January 4, 2006: Open Doors, Closed Minds (By Martin Collacott in The Ottawa Citizen) (Canada's opposition parties are afraid to ask important questions about immigration. The Liberal Party manufactures rationalizations which cannot stand up to a reality check.)
Open doors, closed minds
Martin Collacott, Citizen Special
Published: Wednesday, January 04, 2006
Fearful of smear campaigns linking immigration curbs to racism, the opposition parties are not asking the right questions
The Liberals, meanwhile, have had no reservations about producing rationalizations for high levels of immigration. They argue that it is necessary to support our aging population, though it has been definitively shown that it has no practical value in this regard. They claim that a growing population fueled by immigration is critical to Canada's prosperity when, in fact, our economic well-being depends on sound economic policies and increases in productivity. Canadians in our larger cities are increasingly aware of the growing congestion and pollution as well as stress on health and education services brought about by their burgeoning populations fuelled by immigration.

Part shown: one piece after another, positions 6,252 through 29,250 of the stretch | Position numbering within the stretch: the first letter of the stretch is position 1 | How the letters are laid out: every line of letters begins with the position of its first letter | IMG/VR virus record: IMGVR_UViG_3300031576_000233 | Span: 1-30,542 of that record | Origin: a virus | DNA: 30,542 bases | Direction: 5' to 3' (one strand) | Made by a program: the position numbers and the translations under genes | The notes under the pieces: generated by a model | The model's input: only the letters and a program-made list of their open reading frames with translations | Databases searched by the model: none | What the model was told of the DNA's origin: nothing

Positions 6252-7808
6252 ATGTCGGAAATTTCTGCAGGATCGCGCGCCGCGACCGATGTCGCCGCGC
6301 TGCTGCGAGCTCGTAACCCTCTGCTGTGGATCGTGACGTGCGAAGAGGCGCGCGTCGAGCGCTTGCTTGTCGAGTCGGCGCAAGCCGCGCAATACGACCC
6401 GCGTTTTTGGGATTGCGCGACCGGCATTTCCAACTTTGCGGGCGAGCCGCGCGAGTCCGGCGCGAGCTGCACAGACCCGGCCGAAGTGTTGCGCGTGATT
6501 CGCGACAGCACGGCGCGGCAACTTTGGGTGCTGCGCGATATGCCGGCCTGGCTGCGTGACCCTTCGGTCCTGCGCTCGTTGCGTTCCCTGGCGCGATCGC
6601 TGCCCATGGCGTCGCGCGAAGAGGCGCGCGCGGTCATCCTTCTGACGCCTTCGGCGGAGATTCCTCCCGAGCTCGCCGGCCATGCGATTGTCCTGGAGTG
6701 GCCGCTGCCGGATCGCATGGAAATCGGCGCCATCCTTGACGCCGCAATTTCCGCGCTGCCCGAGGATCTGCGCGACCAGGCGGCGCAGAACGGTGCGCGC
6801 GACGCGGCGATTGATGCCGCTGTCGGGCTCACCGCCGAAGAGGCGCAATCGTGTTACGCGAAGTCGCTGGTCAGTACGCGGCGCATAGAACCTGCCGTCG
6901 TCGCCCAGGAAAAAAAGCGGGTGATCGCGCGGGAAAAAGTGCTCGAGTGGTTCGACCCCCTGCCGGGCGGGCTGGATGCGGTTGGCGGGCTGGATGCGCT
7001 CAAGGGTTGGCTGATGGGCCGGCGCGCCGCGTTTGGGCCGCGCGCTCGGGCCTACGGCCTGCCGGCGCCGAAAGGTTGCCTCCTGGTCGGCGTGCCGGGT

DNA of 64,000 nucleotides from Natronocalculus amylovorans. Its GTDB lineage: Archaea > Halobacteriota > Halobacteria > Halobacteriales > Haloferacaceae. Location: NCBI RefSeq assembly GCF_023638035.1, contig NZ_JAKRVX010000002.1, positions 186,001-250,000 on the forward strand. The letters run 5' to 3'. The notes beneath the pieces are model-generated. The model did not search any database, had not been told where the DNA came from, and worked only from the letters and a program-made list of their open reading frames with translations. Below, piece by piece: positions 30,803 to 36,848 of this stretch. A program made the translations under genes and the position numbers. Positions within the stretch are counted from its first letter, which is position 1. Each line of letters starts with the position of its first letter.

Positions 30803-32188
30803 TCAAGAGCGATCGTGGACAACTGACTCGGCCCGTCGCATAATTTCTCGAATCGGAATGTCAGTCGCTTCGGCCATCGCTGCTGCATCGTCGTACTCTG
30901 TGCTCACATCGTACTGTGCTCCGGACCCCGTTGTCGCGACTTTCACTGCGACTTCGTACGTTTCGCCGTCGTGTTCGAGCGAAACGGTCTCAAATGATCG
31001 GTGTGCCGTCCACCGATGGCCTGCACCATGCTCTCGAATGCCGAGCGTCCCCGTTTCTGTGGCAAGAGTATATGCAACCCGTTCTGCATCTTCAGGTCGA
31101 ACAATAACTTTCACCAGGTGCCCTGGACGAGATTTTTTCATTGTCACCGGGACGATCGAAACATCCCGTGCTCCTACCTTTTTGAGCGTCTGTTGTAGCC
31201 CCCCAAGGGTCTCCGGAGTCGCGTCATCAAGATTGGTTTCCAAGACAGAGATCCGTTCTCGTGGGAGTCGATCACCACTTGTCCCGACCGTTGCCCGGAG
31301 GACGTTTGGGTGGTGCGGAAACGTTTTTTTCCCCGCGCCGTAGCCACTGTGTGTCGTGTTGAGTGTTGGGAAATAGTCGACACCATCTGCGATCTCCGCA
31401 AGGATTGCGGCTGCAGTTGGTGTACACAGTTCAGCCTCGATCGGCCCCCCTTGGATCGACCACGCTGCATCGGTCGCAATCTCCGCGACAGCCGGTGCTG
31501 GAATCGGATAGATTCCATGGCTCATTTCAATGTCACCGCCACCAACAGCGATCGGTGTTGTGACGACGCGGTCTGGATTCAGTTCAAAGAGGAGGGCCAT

What the opposition parties have failed to grasp is that there are legitimate questions about immigration that the public wants to have discussed. These question, if framed the right way, will increase rather than lose electoral support. A party with the courage to take on this challenge has to make abundantly clear that it is not anti-immigrant but only concerned that immigration policy serves the best interests of Canadians as well as newcomers. It must also leave no doubt that its approach to immigration policy will in no way compromise the policy of welcoming equally people of every colour and ethnic background from around the world.
Canadians will increasingly demand such debate. If the current opposition parties are not up to the task, others will no doubt emerge who are better prepared to do so.
Martin Collacott lives in Vancouver and is a former ambassador to countries in Asia and the Middle East.
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Many of the most important issues in federal politics are forgotten at election time. The Citizen has asked several prominent pundits to profile the issues they hope will get more attention during the remainder of the election campaign.
The Ottawa Citizen 2006